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THE SUNDAY PROFILE : THE Bat Man : He barely made it out of Cuba. Then he bet his life savings on crafting the hottest sticks in baseball. Life for Juan Faxas hasn't been boring.

August 13, 1995|KEVIN BAXTER | TIMES STAFF WRITER

The crack of the bat, the sound that comes from squarely hitting a round ball with a round club, is perhaps the sweetest in all of sport.

But for Juan Faxas, once a scourge on the sandlots of Havana, it was the cracking of the bat that ruined his major league baseball debut.

That's because he no longer swings bats, but makes them. And for a bat maker, there's nothing worse than a hitter with a handful of splinters. Which is exactly what Dodger catcher Carlos Hernandez got when he tested Faxas' first batch of Glomar brand bats during a workout four years ago.

"I was shocked," Faxas recalls, "because I was so proud. It was my pride that hurt the most."

Yet even with so many bats broken, he was unbowed. After all, for someone who has survived 16 months in Cuban labor camps, it's hard to get too worked up over a pile of kindling.

Faxas simply ordered a new shipment of wood, returned to his garage workshop and came back with the prototype for a bat that, according to its maker, had found its way into the hands of more than 140 major leaguers before last season's strike.

"When I was growing up, if someone told me one day I'd be making bats for players in the major leagues, I wouldn't have believed it," Faxas says. "It would have been like a dream."

Living that dream would mean giving up a career as an electrical engineer, draining his life savings, and forcing family and friends to band together to keep the company's 3,800-square-foot Fullerton workshop running. Faxas, now 54, figures he's spent nearly $500,000 on the business so far and is still a long way from breaking even.

But money is not everything, he says.

"When you come through an experience like [the camps], you really value some other things. And when things get tough, when I think I have it hard, I just reach back and pull out a memory."

*

Most all the furnishings in Faxas' modest home, hard against the Pomona Freeway in Diamond Bar, originated in a tiny garage workshop.

"Since I was a little kid, I have been working with wood," Faxas says between draws on the latest in a series of Pall Malls. "My father was the one that taught me. That was his hobby too."

That and baseball.

It was the golden era of professional baseball in Cuba, when Havana was home to a minor-league affiliate of the Cincinnati Reds and the center of the world's top winter-league circuit. But all that changed after Fidel Castro took power in 1959.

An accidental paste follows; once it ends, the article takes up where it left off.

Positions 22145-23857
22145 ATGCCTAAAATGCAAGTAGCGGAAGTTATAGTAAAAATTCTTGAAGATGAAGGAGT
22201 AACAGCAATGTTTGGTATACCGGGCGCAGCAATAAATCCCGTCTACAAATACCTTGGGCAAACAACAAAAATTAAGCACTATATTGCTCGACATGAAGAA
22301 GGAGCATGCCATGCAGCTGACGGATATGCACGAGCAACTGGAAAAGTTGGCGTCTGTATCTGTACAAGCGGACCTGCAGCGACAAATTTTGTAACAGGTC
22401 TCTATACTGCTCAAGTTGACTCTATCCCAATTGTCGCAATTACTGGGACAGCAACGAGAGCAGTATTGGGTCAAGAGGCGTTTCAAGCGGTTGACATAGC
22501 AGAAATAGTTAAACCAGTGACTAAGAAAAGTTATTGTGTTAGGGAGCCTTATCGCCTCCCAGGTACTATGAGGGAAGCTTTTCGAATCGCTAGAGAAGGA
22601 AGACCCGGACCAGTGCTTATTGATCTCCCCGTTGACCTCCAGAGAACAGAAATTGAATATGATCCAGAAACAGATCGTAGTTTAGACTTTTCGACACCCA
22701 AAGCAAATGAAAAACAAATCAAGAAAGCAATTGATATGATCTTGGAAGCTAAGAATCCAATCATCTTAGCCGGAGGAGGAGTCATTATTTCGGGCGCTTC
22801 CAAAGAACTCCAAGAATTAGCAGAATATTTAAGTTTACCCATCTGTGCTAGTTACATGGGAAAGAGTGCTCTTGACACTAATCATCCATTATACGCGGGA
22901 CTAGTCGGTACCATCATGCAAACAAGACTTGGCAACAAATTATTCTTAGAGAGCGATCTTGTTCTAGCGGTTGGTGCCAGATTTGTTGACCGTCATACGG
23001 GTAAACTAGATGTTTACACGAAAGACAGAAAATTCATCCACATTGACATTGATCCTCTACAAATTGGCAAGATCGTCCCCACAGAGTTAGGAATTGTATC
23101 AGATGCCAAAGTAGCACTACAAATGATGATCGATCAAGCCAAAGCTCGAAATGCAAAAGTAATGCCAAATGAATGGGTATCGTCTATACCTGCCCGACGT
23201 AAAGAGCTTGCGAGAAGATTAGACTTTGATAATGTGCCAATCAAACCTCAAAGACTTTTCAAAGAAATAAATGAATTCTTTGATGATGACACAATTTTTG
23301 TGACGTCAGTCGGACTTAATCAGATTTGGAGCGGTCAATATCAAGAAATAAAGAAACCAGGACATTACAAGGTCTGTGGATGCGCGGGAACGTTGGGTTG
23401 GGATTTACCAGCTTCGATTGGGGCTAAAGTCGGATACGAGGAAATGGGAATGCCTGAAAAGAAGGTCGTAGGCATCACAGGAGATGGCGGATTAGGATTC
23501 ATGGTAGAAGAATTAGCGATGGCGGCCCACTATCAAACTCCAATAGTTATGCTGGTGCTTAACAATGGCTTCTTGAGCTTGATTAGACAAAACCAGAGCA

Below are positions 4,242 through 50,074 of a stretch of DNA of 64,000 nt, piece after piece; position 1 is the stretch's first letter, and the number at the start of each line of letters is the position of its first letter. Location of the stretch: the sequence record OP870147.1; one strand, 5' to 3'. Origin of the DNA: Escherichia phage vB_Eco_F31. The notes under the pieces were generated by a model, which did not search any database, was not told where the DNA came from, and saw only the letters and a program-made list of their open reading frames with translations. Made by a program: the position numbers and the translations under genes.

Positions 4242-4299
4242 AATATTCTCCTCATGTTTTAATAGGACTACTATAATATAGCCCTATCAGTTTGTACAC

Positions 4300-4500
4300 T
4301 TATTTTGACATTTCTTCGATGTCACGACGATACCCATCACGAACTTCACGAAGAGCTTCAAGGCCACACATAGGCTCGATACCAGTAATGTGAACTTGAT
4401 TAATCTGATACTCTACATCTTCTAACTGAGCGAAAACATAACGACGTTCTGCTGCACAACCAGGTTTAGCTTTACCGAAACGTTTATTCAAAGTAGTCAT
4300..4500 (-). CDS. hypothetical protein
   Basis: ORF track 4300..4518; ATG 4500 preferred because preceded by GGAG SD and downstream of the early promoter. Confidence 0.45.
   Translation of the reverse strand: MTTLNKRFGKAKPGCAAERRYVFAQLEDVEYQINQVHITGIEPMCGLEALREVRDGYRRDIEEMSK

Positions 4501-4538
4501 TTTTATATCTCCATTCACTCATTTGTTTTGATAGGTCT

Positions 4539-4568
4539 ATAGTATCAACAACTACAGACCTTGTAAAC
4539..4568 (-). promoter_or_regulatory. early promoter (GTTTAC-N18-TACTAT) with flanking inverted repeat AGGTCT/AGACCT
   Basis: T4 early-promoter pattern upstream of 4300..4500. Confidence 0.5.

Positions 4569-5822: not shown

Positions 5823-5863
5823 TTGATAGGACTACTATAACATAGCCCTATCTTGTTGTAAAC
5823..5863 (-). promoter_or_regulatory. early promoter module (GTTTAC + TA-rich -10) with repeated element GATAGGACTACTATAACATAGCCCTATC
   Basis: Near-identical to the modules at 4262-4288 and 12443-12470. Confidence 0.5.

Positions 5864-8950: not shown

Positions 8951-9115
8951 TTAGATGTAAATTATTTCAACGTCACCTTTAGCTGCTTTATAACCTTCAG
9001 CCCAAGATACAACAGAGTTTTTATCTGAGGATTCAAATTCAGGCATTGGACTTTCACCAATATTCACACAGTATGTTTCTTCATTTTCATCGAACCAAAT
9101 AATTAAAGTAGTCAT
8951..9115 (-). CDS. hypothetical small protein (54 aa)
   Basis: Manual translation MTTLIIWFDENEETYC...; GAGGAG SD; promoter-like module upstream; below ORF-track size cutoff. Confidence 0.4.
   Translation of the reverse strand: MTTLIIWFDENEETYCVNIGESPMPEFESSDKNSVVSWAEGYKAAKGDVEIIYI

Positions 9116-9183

One of the new regime's first decrees outlawed professional sports on the island, chasing the Reds back to the mainland. But Faxas had little time to mourn. Under another decree, the produce business he shared with his uncle was seized by the government.

"They told us, 'Now it belongs to the people,' " Faxas recalls. "What the hell were we? We were people too."

Forced to pick a new career, Faxas soon found himself in a high school classroom giving lessons in math and physics. Again, he ran afoul of the authorities, who banished him to the industrial arts department.

"In mathematics and physics there was too much pressure from the Communists. Everything had to relate to the revolution. Every mathematics problem was based on the revolution. And you were missing the real thing," he recalls.

Nevertheless, Faxas counts his five teaching years as his most fulfilling.

"That's the biggest satisfaction that you can get," he says. "When you get a bunch of kids and you go with them through a year and at the end of the year you know that they are prepared to go to the next step . . . you are doing something for humanity."

There was little satisfaction elsewhere. Faced with severe shortages of food and other goods, Eugenia Faxas, whom Juan had married just months after Castro's triumph, put the same meat bone in a pot of boiling water day after day and called it soup.

Making such sacrifices for a political system they did not believe in became unbearable.

"You got to a point down there that your life means nothing," Juan Faxas says. "Believe me. I got to that point. I felt I was better off dead than living over there."

But then the couple received the first good news in years: Eugenia and the children would be allowed to immigrate to the United States, where relatives had settled.

Juan, however, was denied permission to leave. So, on Christmas Eve in 1967, 5-year-old Juan Carlos and Brenhilde, 2, kissed their father goodby for what everyone believed would be the last time.

"That was hard," Faxas says, the emotions welling up anew. "That was one of the hardest decisions that I made in my life. I knew I was going [to be jailed]. But that was the least of my problems."

Just as Faxas expected, he had little time to reflect on his loss. A telegram soon arrived ordering him to pack a small bag and report to a nearby park. From there, he and others were taken to a work camp. The men understood that this was the price they had to pay for their families' freedom.

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